9
$\begingroup$

Essentially, I have a flying predatory creature in my world which is roughly the size of a raven and hunts at night, relying quite a bit on sound for echolocation in tighter spaces, hearing for both prey and predators and for communication. Because of this, I wished to give them large ear-like structures, but there are some problems with the context the creature is in:

  • the creature is not from earth and has many similarities with arthropods overall, with most of its head, apart from most of these ears, being covered by a hard exoskeleton, so I didn't want to give it external ears too similar to mammalian ones.

  • these creatures have natural predators, so I wanted their ears to be usable to look bigger and more threatening, potentially with eye spots or bright patterns.

  • I wanted the ears to be somewhat compressible, both to hide said warning patterns while trying to camouflage and to make them less likely to be damaged or get in the way when not used to actively listen for something.

The solution I thought of was a flexible frill-like structure with 2 main, flexible support "rods" on each side of the head (measuring around 5 centimeters in length) that could spread out like a satellite dish, with a net of muscles on the membranous part changing the shape of the ear to further help it amplify sound at certain frequencies of interest to the alien, like what you'd see in pterosaur wings or an octopus' skin. Rough draft of what I mean below, blue being the "ear" while retracted close to the body and orange the structure spread out and in use:

enter image description here

That being said, I haven't really heard of anything quite like this before in our world, the closest being African elephant ears, which can't quite compress and have their sized justified in part due to thermoregulation. Other than that, I couldn't find anything really saying whether such an arrangement could actually be good or just a waste of energy.

That said, could such a type of external ear work?.

Specifying what I need: I'd like to know if it's at least somewhat functional without being terribly impractical, and whether this design could be still salvageable to some extent in case it's not.

$\endgroup$

2 Answers 2

5
$\begingroup$

Some notes on size and frequency

Your creature won't fly with that one

(Note: below will be of consideration with flying animals, but given the fact this anthropod has the size of a raven, it will be less of a concern)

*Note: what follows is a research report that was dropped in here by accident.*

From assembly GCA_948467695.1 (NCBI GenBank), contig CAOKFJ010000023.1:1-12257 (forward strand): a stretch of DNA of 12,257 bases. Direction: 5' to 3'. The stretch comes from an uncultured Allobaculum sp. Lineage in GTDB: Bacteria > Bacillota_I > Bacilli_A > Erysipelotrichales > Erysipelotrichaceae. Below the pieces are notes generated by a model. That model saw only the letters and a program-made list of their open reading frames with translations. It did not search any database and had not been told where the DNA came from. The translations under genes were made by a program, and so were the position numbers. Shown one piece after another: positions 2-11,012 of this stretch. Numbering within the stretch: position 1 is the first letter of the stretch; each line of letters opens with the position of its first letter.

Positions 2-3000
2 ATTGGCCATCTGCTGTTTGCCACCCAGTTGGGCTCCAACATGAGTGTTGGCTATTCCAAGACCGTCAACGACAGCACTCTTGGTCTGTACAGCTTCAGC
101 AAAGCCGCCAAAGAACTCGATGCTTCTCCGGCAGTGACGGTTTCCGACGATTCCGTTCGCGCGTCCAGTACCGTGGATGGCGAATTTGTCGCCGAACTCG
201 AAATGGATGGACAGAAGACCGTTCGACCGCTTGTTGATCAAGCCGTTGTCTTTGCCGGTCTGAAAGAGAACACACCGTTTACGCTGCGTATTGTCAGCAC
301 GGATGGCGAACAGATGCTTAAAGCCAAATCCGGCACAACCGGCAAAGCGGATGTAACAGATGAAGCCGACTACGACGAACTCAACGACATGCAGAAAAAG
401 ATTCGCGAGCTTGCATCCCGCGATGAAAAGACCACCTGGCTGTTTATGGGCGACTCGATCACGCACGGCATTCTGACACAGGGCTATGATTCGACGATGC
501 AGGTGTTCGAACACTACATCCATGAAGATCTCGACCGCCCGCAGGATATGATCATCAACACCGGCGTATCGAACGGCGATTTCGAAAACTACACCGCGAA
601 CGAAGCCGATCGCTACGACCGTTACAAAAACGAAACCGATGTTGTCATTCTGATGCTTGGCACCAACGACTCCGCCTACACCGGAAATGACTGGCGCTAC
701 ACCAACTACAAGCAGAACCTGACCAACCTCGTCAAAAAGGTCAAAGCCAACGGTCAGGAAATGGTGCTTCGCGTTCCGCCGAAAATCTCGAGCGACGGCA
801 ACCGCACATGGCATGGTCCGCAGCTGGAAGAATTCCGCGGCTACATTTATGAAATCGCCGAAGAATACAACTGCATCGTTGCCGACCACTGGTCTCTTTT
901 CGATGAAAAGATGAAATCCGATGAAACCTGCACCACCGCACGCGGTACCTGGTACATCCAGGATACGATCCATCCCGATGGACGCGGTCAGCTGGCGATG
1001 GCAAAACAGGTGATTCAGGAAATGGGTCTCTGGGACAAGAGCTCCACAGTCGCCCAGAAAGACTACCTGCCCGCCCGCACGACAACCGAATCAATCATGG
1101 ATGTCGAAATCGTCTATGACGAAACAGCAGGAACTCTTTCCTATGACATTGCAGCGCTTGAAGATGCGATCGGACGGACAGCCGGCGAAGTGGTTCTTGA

The issue of the reflector in your opening's drawing is the amount of air resistance, placed in forward direction as a collar around the creature's neck, similar to Fred's lizards. A flying insect can't carry a fleece like that while flying forward.

Go ultrasonic, to reduce the size of the receiver

Let's assume your arthropod is a centimeter, or a few centimeters. Insects usually produce sounds around 4-12kHz (see this article). When the sound emitted is e.g. 10kHz, your wavelength will be about 0.045 meters. A suitable parabolic antenna for that has a diameter at least about 0.015 meters to actually amplify the sound. Preferably it should be larger, a multiple of the wavelength. See this article. So.. choose your echolocation frequency wisely, go high up ultrasonic.. 40kHz would reduce the minimal diameter of your parabola to 3mm. With "collar antennas" of 10mm you'd have about 10x amplification.

Flexible ears

For echolocation and to prevent the issues with flying, you could consider introducing flexibility. Bats have that. Allow the animal to change the shape very quickly. See this article.

$\endgroup$
2
  • 1
    $\begingroup$ Sorry, it seems I didn't express myself properly and forgot to add an important detail: my creature has many arthropod-like traits, but is fairly large in size, being about the size of a raven. The "ear" structure rods would likely measure somewhere around 5 centimeters in length. Would that be too big to be practical? $\endgroup$ Commented Jun 25, 2022 at 19:04
  • 2
    $\begingroup$ Thx, I've added a note. Scale up the formula, you could use a lower frequency. Or have more effective antennas. Your creature would be same order of size compared to a bat, would not need extremely large "ear fleeces". It all depends on living conditions. Bats live in confined spaces, they need fast and accurate echolocation. $\endgroup$
    – Goodies
    Commented Jun 25, 2022 at 19:22
3
$\begingroup$

Frilled ears similar to the neck frills that frilled neck lizards from northern Australia have are possible. If they are shaped correctly they can be parabolic and focus the sounds to the ear hole similar to how parabolic radio dishes work.

The other option is to have expandable ears that become enlarged when bodily fluid is pumped into them.

enter image description here

$\endgroup$
1
  • $\begingroup$ Are you sure ? Aren't these "ears" meant to look like large eyes, to scare off predator birds ? or leafs, to camouflage ? Maybe I'm mistaking, but it occurred to me that the word "ear" does not appear in the Wiki topic you link.. $\endgroup$
    – Goodies
    Commented Jun 25, 2022 at 17:23

You must log in to answer this question.

Not the answer you're looking for? Browse other questions tagged .